Golden boy wins Vendee Globe—Sailing news from the U.S. and beyond
Impressively, Gabart made his first full 'lap' of the planet in just shy of 78 days, making his passage the fastest in Vendee Globe (and singlehanded monohull) history. Of course, having the Grand Master, two-time Vendee Globe winner Michel Desjoyeaux, mentoring his campaign certainly didn't hurt Gabart's chances, but there's simply no getting around the fact that the young French sailor has stunned the world with his performance and his impressive new distance records, which he set en route to returning to Les Sables d'Olonne, France.
'When the race started, I didn't think of myself as a contender for the victory,' said Gabart, immediately upon crossing the finishing line. 'I knew it was a possibility but that was not a goal I would think about all the time. In the Indian ocean, I started thinking about possibly winning and when Armel (Le Cleac'h aboard 'Banque Populaire') and I started having that close fight, that regatta around the world, I realized I had a fifty-percent chance of winning. And then, once we were in the Atlantic, I started believing.'
Impressively, Gabart lassoed a strong, south-southwesterly breeze and managed to sail an impressive 450 miles (ballpark) during his last day at sea, ultimately finishing some 93 miles miles ahead of his long-time, lockstep rival, Armel Le Cleac'h ('Banque Populaire'), who finished in second place. This means that the battle for third place is now a contest between Jean-Pierre Dick ('Virbac-Paprec 3') and Alex Thomson (Hugo Boss). Dick, it will be remembered, lost his keel almost a week ago, meaning that the talented French sailor is braving several thousand miles using only water ballast for stability (read: GULP!).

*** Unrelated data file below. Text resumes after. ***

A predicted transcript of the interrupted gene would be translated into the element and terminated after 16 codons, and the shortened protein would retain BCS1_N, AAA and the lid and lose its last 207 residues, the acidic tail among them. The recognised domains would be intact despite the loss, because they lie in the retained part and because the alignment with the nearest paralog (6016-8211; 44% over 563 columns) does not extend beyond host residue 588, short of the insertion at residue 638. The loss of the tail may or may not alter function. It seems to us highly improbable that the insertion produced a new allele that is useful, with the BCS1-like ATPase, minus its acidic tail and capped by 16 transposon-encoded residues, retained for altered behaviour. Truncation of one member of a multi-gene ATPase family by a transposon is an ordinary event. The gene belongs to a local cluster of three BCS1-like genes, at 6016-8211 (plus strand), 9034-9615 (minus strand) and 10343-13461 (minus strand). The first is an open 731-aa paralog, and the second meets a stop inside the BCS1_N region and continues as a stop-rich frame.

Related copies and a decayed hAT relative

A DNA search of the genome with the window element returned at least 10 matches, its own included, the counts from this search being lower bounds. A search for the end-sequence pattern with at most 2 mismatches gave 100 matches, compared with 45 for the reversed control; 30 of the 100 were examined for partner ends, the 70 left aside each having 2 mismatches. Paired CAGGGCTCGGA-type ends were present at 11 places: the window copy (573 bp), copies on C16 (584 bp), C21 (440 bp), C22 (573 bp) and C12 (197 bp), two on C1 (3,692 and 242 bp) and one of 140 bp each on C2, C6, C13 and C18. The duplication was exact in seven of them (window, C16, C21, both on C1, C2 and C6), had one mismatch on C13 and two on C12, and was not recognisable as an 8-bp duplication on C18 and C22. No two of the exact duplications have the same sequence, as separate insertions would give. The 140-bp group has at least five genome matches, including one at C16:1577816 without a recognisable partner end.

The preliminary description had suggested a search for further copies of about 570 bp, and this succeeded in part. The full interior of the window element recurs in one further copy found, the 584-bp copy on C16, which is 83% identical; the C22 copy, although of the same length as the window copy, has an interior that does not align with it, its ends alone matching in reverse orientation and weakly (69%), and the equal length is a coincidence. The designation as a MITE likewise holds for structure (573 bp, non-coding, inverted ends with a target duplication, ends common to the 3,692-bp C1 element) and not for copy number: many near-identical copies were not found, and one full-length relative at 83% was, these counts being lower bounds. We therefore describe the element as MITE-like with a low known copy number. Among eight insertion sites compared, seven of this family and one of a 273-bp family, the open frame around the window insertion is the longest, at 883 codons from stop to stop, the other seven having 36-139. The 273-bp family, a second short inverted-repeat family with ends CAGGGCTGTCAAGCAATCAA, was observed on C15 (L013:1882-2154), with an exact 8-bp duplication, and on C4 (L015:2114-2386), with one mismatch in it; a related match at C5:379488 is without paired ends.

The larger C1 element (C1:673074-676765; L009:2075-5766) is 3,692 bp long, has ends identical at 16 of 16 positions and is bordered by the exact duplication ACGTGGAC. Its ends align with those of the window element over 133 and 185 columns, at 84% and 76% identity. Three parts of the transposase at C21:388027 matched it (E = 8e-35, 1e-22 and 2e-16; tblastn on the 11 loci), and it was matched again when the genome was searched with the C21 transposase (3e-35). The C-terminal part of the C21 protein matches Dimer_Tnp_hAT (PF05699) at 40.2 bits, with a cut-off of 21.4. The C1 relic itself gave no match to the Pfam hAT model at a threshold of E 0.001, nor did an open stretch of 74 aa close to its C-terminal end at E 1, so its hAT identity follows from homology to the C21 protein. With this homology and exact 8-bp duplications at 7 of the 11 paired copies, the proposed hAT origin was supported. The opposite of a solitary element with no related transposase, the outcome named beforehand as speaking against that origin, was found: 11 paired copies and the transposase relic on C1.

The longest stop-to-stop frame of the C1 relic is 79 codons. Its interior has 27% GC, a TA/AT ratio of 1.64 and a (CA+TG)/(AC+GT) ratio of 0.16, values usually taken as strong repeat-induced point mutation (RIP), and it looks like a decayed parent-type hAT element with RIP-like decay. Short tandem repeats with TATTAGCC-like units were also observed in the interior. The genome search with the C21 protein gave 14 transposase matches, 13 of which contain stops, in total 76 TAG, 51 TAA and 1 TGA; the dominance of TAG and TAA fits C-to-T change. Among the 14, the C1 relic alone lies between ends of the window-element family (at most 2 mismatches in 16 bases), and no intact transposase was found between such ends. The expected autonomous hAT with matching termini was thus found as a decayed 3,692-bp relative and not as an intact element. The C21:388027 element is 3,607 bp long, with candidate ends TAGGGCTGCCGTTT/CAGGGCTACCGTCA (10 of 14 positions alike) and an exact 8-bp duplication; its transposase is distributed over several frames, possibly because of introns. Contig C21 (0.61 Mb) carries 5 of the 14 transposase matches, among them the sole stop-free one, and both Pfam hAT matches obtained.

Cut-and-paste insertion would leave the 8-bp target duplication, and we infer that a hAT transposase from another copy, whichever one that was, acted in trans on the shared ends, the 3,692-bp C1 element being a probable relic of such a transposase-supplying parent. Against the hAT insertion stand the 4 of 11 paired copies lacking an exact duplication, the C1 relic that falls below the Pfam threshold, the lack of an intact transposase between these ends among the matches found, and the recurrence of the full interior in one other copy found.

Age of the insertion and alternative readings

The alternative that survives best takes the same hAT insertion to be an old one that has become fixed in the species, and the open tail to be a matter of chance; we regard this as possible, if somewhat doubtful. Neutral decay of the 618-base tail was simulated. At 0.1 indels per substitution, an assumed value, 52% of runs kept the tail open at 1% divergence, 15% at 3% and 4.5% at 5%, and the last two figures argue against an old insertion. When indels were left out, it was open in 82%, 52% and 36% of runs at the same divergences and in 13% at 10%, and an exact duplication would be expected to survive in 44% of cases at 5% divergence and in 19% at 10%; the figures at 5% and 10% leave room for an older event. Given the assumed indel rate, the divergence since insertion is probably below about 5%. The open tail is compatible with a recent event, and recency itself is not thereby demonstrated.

Get the full Vendee Globe multimedia scoop inside this issue, and be sure to take a moment to celebrate the sheer enormity of what young Gabart and his team have accomplished-in less than 80 days and alone-and how his efforts helped redefine the art of the possible when it comes to solo offshore sailing.
Meanwhile, in American Olympic sailing circles, US Sailing Team Sperry Top-Sider has announced the qualification process for sailors gunning to qualify for the team. According to reports, sailors will make the grade based on their cumulative 2012 results or their performance at this week's 2013 ISAF Sailing World Cup Miami (January 28-February 2).
'With the beginning of a new four-year Olympic and Paralympic cycle, the U.S. Olympic Sailing Program now looks to chart a course toward the 2016 Games in Rio de Janeiro, Brazil,' said Josh Adams, Managing Director of U.S. Olympic Sailing. 'The 2013 US Sailing Team Sperry Top-Sider is really the first look at which sailors we might see representing Team USA in four years.'
Also of interest from US Sailing is the news that Grant 'Fuzz' Spanhake has been named Technical Director of the US Sailing Team Sperry Top-Sider. 'To return the U.S. back to the podium in sailing, the Team is focused on performance development across the Olympic and Paralympic classes and a class by class strategy to sharpen the U.S.'s culture of technical excellence,' said Charlie McKee, High Performance Director of U.S. Olympic Sailing and Fuzz's new boss. 'This knowledge will be shared with all U.S. sailors mounting a campaign for 2016 and beyond as we groom emerging talent for the long run.' Get the full US Sailing scoop, inside this issue.
Also on American waters, the full multimedia reports from last week's Key West Race Week are now available, including some great still-photography galleries and some really fun videos. For anyone (myself solidly included, sadly) stuck under the cold, grey curtain of winter, some time scrolling through these multi-media treasure troves is a great way to shake off the mid-winter blues.
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